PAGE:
› Tennessee nonprofit organizations
› Development Districts
› Public Housing Authorities
Eligible Activities:
› Activities that create or preserve affordable housing
for low-income Tennesseans*
› Activities that assist low-income Tennesseans in
obtaining safe and affordable housing
› Activities that build the capacity of an eligible nonprofit organization to provide housing opportunities for
low-income Tennesseans
› Any other low-income housing related activity by the
THDA Executive Director and the Commissioner of
*Low-income Tennesseans are defined as those who are at or below
80% of the area median income adjusted for family size
Application Process
Applications may be secured from the THDA website.
Upon receipt of the completed application and
supporting documentation, THDA will certify the housing
entity and the low-income housing activity as eligible for
participation in the program.
THDA will forward the application to the TN Dept. of
Revenue and the department will award the tax credits.
Emergency Solutions Grant (ESG) provides services,
emergency shelter and rapid-rehousing to the
homeless and to assist individuals and families at risk
for homelessness through prevention assistance
ESG funding is allocated to areas outside the CDBG
entitlement communities that receive their own
funding directly from HUD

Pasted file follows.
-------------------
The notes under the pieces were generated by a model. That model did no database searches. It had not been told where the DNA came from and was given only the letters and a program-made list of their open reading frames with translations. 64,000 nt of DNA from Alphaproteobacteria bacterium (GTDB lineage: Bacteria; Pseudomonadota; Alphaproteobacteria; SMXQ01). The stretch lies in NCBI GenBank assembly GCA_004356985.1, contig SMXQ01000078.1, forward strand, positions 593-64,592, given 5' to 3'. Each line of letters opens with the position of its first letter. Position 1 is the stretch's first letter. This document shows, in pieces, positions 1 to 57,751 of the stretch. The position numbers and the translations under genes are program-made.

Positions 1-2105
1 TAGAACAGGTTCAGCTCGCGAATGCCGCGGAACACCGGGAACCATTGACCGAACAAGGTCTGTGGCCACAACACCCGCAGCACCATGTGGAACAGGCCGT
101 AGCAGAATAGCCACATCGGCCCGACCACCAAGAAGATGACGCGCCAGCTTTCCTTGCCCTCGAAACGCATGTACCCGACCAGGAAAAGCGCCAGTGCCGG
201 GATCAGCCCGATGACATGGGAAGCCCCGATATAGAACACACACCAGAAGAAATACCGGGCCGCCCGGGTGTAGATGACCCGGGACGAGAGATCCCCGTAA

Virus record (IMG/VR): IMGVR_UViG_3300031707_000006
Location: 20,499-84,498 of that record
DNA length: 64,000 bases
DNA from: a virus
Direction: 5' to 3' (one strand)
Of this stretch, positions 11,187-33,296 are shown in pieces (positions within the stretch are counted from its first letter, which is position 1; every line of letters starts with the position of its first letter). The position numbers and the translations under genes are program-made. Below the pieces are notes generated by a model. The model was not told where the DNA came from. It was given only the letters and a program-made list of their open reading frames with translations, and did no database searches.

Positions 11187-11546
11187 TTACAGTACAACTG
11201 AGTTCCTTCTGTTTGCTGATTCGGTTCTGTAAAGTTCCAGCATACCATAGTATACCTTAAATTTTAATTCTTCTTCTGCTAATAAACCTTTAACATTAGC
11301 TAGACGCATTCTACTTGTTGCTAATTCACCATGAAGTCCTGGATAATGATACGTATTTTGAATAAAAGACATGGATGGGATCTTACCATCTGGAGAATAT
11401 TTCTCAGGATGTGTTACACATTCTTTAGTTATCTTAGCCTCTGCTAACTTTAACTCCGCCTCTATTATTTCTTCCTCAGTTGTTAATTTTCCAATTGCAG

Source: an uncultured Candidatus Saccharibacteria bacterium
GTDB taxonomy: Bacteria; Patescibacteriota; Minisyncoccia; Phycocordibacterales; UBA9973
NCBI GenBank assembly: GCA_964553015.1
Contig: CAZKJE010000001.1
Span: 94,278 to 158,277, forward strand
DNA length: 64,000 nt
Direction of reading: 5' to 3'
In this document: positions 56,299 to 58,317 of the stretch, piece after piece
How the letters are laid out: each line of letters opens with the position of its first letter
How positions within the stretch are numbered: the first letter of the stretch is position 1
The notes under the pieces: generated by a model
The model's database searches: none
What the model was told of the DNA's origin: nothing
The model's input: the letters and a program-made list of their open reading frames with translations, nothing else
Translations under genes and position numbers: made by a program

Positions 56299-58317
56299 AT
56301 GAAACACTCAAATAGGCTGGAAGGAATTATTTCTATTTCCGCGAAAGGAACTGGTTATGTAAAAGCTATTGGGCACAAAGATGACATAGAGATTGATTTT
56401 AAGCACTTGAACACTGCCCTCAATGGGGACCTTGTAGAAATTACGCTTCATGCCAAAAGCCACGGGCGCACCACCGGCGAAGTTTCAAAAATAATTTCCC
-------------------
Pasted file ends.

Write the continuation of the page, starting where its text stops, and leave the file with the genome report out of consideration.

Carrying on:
ESG activities are focused on helping meet the
needs of emergency homeless shelters and other
agencies who provide services to the homeless or
those at risk for homelessness
THDA assists with developing and expanding services
in rural areas that lack ready access to other
homeless assistance funds, placing a priority on
maintaining and securing permanent housing
THDA administers the HOME program to help
meet the housing needs of low and very low
income individuals and families
HOME funds are awarded through an annual
competitive application process to cities,
counties and eligible nonprofit organizations
Local governments in TN that receive HOME
funds directly from HUD are not eligible to apply
Eligible Activities
• Homeowner Rehabilitation Programs: designed to
owner-occupied, dilapidated houses in order to bring the
structure up to local building code. Program beneficiaries
receive the funds as a forgivable grant with a compliance
period (5 yrs on rehab houses, 15 yrs on new-built houses)